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Old Oct 31, 2020, 05:50 PM
SaintSquall SaintSquall is offline
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Location: France
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Default COCX-34173~4: Choujinki Metalder ORIGINAL SOUNDTRACK

Finally the last soundtrack released on CD (commercially) of the great Seiji Yokoyama which was missing on VGMdb is added here!

I wanted to wait until I had the album before adding it, but it's hard to find now and very expensive when it does, so too bad it's time to put it on now and I hope to have this album (physically) one day... So I used the info from and, and I also used the info from the other Metalder albums (CX-7300, 30CC-1829):

I'm not sure this album mentions all the musicians as well as the guests, but all members of the New Japan Philharmonic are credited in the Symphonic Suite album, and they are obviously the same for this release as Metalder's original soundtrack is entirely orchestral, so I put them back here.

There are 2 missing credits on Yodobashi: track 30 on Disc 1 doesn’t mention the orchestra, but given that Hiroshi Kumagai is credited as conductor, it’s obvious that it’s performed by New Japan Philharmonic (I listened to this track too, it’s well orchestral).
The composer of track 62 on disc 2 is also missing, but JASRAC put Takashi Miki and indeed it's a variation of the ending theme played by piano.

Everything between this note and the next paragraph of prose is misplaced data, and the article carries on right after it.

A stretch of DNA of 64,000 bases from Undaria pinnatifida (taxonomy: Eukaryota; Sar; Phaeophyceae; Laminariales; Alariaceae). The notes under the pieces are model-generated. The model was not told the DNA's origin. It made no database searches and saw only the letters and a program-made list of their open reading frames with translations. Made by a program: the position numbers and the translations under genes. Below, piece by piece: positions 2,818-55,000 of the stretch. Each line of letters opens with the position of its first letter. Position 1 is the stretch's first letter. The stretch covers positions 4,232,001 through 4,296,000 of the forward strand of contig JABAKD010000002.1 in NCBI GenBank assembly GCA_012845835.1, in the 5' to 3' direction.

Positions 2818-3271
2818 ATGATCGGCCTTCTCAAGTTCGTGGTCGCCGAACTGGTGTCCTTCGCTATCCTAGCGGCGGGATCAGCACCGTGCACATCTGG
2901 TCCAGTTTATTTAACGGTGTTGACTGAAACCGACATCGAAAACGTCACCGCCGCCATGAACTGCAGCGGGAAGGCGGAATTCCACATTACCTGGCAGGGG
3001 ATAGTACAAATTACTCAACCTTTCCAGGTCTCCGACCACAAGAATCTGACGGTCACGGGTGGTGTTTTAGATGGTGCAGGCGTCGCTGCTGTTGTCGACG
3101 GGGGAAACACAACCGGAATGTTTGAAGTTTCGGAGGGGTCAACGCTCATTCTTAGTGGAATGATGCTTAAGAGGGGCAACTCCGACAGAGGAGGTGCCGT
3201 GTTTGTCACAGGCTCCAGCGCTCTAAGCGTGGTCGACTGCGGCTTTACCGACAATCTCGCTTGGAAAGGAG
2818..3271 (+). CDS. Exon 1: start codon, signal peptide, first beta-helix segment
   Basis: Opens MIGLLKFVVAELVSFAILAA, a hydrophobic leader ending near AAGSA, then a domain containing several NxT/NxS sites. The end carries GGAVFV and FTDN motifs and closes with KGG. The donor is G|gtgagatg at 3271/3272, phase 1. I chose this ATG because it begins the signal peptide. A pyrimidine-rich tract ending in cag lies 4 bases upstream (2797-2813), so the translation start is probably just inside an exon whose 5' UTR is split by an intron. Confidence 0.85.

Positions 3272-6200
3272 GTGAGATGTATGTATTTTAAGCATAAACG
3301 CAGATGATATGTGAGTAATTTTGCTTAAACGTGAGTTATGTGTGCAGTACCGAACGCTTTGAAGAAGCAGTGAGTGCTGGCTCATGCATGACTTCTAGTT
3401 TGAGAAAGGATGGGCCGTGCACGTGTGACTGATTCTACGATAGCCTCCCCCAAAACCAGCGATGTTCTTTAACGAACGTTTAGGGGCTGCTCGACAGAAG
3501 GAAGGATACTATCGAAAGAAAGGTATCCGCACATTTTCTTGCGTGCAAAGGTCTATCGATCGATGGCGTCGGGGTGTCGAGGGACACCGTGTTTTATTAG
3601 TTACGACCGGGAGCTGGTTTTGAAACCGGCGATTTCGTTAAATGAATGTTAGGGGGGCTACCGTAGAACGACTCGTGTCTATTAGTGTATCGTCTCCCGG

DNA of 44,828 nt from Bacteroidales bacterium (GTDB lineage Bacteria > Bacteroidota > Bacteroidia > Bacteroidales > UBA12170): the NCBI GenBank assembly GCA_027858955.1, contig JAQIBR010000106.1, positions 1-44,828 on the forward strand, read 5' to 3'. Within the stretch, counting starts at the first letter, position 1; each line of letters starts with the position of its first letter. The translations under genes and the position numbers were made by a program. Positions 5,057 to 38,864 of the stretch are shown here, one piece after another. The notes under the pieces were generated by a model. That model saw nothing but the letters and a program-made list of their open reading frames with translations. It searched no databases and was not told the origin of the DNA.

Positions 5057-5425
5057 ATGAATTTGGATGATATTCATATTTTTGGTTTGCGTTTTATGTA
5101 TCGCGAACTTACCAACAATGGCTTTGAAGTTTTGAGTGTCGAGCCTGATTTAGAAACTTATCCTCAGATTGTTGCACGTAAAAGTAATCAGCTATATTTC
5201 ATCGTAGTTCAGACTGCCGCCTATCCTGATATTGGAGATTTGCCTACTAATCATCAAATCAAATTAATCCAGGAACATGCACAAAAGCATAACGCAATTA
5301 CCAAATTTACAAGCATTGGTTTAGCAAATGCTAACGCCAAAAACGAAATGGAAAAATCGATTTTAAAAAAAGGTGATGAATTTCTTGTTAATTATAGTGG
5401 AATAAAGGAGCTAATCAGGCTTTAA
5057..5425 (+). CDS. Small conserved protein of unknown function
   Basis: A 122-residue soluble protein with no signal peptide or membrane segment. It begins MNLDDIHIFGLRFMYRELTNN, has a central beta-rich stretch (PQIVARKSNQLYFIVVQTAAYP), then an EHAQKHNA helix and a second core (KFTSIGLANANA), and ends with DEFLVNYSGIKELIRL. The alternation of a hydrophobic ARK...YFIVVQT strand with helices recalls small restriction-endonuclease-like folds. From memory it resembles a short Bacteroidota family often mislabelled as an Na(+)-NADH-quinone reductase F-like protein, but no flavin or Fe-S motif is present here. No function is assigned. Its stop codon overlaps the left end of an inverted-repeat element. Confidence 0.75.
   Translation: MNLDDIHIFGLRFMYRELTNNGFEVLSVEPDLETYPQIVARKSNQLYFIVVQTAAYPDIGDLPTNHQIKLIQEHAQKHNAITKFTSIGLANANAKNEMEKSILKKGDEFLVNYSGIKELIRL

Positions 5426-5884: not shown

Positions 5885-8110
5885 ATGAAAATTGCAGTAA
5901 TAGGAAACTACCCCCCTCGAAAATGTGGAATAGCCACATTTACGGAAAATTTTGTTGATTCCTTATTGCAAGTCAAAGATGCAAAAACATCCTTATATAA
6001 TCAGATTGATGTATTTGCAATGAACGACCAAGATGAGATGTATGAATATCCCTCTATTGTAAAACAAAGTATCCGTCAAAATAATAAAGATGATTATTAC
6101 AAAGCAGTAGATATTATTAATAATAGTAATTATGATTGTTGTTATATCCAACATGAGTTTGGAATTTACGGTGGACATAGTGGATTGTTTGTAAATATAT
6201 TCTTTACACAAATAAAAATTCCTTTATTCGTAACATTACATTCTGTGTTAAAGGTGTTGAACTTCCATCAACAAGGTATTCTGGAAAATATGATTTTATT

Quick album review:
Once again the magician Seiji Yokoyama delights us with his superb compositions in this soundtrack of Choujinki Metalder.

For the performance we have a complete orchestra and a masterful and very rich instrumentation, for a grandiose soundtrack that clearly evokes the Asgard part of Saint Seiya.

Here indeed the themes are rather dark, dramatic and sad (especially on the 1st disc). The violin and the marimba (played by the great Keiko Abe) have an important part in the instrumentation.

Also this double-CD includes a ton of unreleased themes compared to the original album (the Symphonic Suite), and therefore the total number of themes is quite impressive. Of course all BGMs remain symphonic here.

I just regret that it lacks a bit of action themes compared to mood / atmospheric themes for a Metal Hero series, the action side is found more in the songs and their instrumental versions.

Even if for me this soundtrack doesn’t equal the incredible one of Chouriki Sentai Ohranger (which is for me his best soundtrack with Saint Seiya -surely because I have a clear preference for the guitar rather than the violin-), it remains of great quality and a sure value of this legendary composer who was then in full golden age.
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